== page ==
The Power of Letting the Reader Think

A recent post, “The Peanuts Way of Attracting Readers,” quoted from the David Michaelis book, Schulz and Peanuts, and made the point that part of Charles Schulz’s genius was letting the reader think.

On Christmas Day, also quoted from the Schulz and Peanuts book, describing how Schulz vetoed the use of canned laughter in the making of “A Charlie Brown Christmas,” still a very successful television special.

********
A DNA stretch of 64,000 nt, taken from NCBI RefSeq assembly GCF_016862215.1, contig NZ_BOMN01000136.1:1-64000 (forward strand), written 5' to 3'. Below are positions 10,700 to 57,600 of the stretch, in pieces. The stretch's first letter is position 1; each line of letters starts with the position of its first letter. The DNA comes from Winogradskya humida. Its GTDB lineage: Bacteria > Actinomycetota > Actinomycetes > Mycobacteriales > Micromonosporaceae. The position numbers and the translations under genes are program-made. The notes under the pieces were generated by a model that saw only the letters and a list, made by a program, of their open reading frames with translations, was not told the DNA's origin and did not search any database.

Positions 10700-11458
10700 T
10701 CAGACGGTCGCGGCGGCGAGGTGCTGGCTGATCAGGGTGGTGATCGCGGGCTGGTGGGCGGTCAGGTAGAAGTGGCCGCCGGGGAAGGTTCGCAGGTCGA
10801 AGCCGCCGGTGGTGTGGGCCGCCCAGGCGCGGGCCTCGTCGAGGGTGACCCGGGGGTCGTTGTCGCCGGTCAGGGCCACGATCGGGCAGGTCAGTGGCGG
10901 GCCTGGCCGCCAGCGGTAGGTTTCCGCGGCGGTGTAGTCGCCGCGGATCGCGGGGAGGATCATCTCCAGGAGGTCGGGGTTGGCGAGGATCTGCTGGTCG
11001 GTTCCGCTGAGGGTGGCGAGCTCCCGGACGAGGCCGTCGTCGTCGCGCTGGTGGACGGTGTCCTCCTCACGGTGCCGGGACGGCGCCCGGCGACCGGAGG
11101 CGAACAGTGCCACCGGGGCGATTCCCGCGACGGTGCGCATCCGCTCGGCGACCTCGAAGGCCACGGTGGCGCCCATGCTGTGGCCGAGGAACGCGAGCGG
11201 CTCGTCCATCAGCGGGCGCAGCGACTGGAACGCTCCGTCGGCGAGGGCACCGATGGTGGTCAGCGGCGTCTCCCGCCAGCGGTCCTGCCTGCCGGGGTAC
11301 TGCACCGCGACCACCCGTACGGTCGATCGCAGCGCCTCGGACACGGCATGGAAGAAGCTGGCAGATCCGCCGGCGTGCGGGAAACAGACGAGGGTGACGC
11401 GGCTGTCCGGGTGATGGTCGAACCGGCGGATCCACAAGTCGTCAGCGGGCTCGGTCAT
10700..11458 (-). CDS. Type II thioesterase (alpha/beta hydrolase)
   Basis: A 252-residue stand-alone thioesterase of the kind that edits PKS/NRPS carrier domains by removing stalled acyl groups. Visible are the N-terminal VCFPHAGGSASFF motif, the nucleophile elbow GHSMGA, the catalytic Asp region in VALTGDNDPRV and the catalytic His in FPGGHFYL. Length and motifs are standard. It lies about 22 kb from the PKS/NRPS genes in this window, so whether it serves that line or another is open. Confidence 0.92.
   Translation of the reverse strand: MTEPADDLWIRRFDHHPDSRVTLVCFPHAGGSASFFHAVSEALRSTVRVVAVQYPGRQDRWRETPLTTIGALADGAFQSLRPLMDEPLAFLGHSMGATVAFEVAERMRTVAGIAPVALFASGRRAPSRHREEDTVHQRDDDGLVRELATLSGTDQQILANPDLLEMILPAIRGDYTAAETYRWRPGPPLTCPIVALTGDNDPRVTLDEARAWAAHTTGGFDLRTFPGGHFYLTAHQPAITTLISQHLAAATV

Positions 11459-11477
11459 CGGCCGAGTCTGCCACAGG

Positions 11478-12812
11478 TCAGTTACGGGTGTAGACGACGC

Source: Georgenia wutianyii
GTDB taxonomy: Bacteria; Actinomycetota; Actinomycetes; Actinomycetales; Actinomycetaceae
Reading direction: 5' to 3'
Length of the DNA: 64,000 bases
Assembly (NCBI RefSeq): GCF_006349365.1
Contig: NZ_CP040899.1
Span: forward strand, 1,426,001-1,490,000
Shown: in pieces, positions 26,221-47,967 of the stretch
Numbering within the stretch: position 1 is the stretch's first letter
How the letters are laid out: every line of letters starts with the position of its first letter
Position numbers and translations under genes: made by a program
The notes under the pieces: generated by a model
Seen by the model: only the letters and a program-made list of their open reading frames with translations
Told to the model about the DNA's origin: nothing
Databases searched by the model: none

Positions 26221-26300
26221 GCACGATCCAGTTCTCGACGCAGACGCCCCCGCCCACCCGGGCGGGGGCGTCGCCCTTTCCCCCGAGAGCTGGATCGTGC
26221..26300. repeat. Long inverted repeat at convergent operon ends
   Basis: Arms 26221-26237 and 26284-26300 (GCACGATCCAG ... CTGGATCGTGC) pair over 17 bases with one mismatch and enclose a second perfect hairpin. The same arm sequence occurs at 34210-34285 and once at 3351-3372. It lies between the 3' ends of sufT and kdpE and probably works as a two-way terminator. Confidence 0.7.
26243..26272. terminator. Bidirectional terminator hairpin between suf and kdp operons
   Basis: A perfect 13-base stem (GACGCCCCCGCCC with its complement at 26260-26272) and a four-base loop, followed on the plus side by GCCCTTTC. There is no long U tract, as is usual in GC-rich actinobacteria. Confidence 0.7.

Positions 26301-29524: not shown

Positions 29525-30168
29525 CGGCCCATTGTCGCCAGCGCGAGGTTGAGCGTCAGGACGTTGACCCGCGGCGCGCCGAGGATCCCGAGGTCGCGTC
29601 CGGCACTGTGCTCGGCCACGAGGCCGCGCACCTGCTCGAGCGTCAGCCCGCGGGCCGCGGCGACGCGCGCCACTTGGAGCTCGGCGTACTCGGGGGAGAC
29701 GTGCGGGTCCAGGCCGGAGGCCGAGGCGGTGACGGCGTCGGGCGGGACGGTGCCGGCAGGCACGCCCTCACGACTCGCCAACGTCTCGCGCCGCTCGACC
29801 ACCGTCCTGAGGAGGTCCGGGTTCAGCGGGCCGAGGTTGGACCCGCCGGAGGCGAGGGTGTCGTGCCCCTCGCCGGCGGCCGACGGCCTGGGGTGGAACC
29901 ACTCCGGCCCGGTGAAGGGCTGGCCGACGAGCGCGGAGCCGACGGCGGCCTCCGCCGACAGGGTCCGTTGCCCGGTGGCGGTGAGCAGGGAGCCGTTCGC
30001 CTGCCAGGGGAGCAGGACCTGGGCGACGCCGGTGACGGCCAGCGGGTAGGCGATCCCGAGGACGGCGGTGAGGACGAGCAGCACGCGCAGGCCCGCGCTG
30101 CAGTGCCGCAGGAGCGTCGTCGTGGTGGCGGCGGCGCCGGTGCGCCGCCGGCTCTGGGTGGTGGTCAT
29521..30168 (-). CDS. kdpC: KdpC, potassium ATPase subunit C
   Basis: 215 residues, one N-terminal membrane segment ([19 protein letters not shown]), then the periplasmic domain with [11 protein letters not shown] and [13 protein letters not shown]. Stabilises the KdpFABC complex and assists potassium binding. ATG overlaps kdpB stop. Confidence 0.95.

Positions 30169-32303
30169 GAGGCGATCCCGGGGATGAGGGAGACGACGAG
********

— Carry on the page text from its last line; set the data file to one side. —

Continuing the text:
From Delanceyplace and the book:

“Schulz loathed the hyena hilarity of canned merriment and rightly judged that an audience would not have to be told when and where to laugh; Mendelson countered that all comedy shows used such tracks. ‘Well, this one won’t,’ said [Schulz] firmly. ‘Let the people at home enjoy the show at their own speed, in their own way.’ Then he rose and walked out, closing the door behind him. …

Again, respecting the intelligence of your audience pays off. For the writer, it’s the power of letting the reader think.

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